The IRS Section 179 tax deduction is designed to encourage business owners to invest in equipment or technology and can result in significant savings for your practice. And now, the deduction has been extended permanently, until further notice, allowing you to deduct up to $500,000 in qualifying expenses annually during the first year of ownership. How does it work? For instance, the tax code indicates a new exam table should last five years. As such, you are allowed to deduct one-fifth of the cost annually on your return until the cost has been fully depreciated. The same tax code allows for a full deduction in the current year within code Section 179. For example, if you purchased $300,000 in equipment and placed it into service in a single year, you would take the full deduction ($300,000) immediately, plus depreciation in subsequent years ($60,000 per year). What is a Bonus depreciation? Bonus depreciation is a deduction that is allowed on equipment that has not been recognized under Section 179 — any amount over $500,000 and below the $2 million threshold. How much can be deducted? Half of the cost to acquire. What are the Qualifications for Section 179? Any practice that purchases, finances or leases less than $2 million in new or used equipment for their business during tax year 2016 should qualify for the Section 179 deduction. 3 Golden Rules:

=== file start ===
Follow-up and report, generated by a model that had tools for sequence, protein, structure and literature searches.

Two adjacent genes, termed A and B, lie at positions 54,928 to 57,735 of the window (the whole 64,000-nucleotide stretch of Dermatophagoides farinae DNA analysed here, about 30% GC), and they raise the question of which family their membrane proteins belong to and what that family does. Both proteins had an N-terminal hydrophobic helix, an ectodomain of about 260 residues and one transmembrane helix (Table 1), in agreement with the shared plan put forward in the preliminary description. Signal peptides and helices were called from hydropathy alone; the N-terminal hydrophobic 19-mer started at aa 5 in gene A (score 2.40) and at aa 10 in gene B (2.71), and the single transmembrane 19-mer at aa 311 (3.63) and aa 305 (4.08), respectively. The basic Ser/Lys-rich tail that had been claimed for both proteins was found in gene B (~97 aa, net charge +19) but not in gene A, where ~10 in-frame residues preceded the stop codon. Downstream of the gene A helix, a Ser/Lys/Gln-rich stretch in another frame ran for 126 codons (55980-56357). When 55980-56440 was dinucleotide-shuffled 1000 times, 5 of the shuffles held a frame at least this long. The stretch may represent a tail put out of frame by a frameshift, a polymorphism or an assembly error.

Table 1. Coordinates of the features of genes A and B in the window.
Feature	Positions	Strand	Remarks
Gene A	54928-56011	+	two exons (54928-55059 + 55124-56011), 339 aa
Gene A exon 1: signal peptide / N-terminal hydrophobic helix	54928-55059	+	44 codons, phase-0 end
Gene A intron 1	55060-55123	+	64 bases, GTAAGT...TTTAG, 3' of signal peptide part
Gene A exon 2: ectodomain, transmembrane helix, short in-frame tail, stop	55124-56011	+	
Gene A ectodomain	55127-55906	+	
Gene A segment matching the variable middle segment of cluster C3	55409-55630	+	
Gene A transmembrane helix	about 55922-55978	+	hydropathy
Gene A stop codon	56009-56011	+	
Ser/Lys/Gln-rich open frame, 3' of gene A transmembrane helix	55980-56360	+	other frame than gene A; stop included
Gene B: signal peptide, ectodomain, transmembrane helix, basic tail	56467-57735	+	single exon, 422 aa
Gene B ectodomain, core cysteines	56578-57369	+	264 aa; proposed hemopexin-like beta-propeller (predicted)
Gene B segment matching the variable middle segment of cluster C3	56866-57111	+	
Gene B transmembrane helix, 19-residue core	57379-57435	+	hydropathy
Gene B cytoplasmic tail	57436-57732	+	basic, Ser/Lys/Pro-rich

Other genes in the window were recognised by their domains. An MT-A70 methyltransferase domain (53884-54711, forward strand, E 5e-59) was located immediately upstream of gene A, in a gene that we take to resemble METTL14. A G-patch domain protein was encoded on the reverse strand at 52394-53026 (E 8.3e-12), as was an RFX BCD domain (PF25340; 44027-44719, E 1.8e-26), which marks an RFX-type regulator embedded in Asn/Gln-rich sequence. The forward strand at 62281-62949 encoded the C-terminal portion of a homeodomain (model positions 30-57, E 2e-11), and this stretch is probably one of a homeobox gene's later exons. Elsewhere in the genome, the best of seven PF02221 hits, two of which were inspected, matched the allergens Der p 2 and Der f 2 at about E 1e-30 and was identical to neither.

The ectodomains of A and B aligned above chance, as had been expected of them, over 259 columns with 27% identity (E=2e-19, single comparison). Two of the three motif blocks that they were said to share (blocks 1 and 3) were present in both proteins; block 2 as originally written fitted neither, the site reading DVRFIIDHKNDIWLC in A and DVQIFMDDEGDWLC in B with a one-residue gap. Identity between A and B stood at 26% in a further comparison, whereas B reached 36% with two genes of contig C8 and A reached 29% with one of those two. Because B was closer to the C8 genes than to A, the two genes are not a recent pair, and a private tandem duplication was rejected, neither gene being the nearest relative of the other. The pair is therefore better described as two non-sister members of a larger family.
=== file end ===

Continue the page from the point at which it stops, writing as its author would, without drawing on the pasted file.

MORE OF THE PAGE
• The deduction is allowed only in the year that the asset is “placed into service.” This means the year in which the equipment is ready for use, not the year in which the equipment is purchased.
  • Section 179 applies to personal property, such as equipment and technology, and potentially leasehold improvements. Nothing further.
  • The deduction is limited to $500,000 of equipment purchases in a single year. Equipment that qualifies for the deduction, but exceeds $500,000 can be depreciated across future tax years. The deduction isn’t lost; it’s simply delayed.
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